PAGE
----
MaxSpace

Review: Ocean's 8

Sandra, Anne, Cate, et al make this heist film better than it should be.

By Max Weiss | June 9, 2018, 12:50 pm

MaxSpace

Review: Ocean's 8

Sandra, Anne, Cate, et al make this heist film better than it should be.

By Max Weiss | June 9, 2018, 12:50 pm

“Have you heard good things about Ocean’s 8?” a friend asked me a few weeks ago.

“Not yet, but how bad can it be?” I replied. “That cast! Those clothes! I know it’s at least going to provide certain superficial pleasures.”

In retrospect, my assessment was pretty spot on. Ocean’s 8 is a pleasant two hours, mostly because of, well, that cast and those clothes. The plot is slick and serviceable—a by-the-book heist film set at the glamorous Met Gala (more clothes!). It’s the canny casting, the slick costume and set design, and the performances, particularly those of Sandra Bullock and Anne Hathaway, that will make it catnip for some.

Bullock plays Debbie Ocean, the sister of George Clooney’s Danny Ocean, and, like her brother, she's a thief and con-(wo)man extraordinaire. As the film starts, she’s being released from prison on parole, after straight-facedly promising to lead “the simple life” on the outside. Of course, once she gets out (right after cleverly fencing some luxury goods from Bergdorf Goodman), she tracks down her old partner in crime, Lou (Cate Blanchett, giving us full lesbian-chic swagger) and shares her desire to rob the Met Gala, something she’s been assiduously planning for the five years of her incarceration. (If you’ve seen the trailer, you’ve seen Bullock’s deliciously tossed off line reading of “Because it’s what I’m good at” when Lou asks her why she needs to do this.)

From there, we assemble the team: Diamond expert Amita (Mindy Kaling), who works at her parents’ jewelry store and is itching to get out from under her overbearing mother’s thumb; dreadlocked hacker Nine Ball (Rihanna), who brings her DGAF island cool to the mix; tomboyish skate-rat Constance (Awkwafina), a skilled pickpocket; and suburban mom with a garage full of stolen goods, Tammy (Sarah Paulson). There are two more crucial players: Rose Weil (Helena Bonham Carter), the has-been, Betsy Johnson-esque clothing designer who’s in debt up to her eyeballs, and therefore easily persuaded to partake in the con; and our mark, the hilariously vainglorious celebrity Daphne Kluger (Anne Hathaway), who is the co-chair of the Met Gala.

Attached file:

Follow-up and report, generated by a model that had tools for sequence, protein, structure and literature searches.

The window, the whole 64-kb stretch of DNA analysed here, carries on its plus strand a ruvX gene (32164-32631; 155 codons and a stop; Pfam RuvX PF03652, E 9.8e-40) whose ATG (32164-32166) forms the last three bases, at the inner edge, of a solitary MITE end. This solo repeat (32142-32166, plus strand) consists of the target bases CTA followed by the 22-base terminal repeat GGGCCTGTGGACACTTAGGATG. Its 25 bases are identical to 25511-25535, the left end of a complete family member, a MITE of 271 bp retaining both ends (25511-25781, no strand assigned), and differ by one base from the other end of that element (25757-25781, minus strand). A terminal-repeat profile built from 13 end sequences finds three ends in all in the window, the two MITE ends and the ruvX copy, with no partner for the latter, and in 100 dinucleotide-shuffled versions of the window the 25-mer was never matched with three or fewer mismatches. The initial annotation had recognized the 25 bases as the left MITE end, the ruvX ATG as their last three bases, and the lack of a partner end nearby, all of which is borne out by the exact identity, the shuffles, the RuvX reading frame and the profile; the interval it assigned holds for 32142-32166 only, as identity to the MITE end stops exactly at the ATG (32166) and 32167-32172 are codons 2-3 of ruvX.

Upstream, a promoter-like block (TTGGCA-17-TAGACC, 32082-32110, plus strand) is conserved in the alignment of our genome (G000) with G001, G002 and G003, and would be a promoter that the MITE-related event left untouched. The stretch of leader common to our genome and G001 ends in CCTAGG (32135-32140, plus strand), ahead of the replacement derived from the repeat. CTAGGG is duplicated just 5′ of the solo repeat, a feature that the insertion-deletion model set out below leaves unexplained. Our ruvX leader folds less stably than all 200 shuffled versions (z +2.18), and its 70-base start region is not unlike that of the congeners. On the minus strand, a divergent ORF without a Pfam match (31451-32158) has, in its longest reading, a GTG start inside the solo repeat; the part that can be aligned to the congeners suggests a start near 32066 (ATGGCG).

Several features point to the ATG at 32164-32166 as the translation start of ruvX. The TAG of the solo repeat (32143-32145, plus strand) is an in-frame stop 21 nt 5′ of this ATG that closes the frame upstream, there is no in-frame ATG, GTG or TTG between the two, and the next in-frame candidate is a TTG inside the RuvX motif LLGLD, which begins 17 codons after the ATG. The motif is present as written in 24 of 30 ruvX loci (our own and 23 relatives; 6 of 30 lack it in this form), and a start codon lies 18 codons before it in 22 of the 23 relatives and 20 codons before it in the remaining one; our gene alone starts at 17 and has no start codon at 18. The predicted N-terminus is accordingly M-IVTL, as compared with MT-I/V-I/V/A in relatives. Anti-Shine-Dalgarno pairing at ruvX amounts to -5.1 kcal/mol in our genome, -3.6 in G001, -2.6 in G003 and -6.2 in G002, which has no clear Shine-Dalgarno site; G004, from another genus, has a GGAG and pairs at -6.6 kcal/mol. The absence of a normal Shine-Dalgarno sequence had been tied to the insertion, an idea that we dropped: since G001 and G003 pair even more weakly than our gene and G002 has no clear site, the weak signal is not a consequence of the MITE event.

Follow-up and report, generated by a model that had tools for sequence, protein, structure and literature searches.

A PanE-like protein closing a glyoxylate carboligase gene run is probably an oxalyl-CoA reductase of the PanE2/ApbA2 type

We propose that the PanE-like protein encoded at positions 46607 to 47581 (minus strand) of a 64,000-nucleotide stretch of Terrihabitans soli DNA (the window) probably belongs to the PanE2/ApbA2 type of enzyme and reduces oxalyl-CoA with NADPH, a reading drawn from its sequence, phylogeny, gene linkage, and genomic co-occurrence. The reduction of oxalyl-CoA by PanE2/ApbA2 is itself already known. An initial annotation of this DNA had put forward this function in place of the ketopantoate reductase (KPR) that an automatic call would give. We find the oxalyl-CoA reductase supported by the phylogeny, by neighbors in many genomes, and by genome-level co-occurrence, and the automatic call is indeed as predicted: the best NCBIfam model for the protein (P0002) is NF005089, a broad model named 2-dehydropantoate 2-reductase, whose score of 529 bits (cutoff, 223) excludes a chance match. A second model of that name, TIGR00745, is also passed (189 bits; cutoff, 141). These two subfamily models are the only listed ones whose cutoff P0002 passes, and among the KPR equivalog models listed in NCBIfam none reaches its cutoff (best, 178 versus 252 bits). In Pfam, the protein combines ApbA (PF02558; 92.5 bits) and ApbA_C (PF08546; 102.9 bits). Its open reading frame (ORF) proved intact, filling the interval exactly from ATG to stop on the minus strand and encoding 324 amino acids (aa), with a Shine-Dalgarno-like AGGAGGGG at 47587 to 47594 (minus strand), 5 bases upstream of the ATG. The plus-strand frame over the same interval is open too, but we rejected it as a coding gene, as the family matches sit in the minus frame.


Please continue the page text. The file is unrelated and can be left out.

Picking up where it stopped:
The film throws in lots of glossy bits for verisimilitude: It’s filmed at the real Metropolitan Museum of Art and there are celebrity cameos galore, including Heidi Klum, Kim Kardashian, Zac Posen, Common, and, yes, Anna Wintour herself.

The problem with the film is twofold: First, we have the puddle-deep relationship between the con artists. Laugh all you will at the Fast and Furious films, but that crew’s allegiance to each other and sense of “family” is what holds the series together. (The one relationship here that should resonate—the friendship between Debbie and Lou—is disappointingly shallow; to be honest, I’m not even certain what Lou’s special thieving skill is, other than looking fabulous in animal prints.)

Then, there’s the sense of déjà vu you get while watching it. Look, the “assemble a team, pull off a heist” formula is tried and true and probably shouldn’t be messed with much, but we need a few wrinkles (see Soderbergh’s recent Logan Lucky for an example of how to do it right). We’re supposed to take pleasure in Debbie’s excellence, the way she anticipates every possible snag and is always one step ahead, but after a certain point it just becomes predictable and dull. (Even the twists, such as they are, are extremely standard—and one is directly stolen from Ocean’s Eleven.)

It’s funny that I’m essentially giving this film the same review that I gave the recent Book Club, but the films are extremely similar. In both films, the plot is just an excuse to hang out with the glittering cast. Both films are engined by a kind of feminist-adjacent novelty (an-all female heist film! women over 65 having sex!). And both films are better than they should be. Hey, they don’t call them stars for nothing.




Meet The Author

Max Weiss is the editor-in-chief of Baltimore and a film and pop culture critic.



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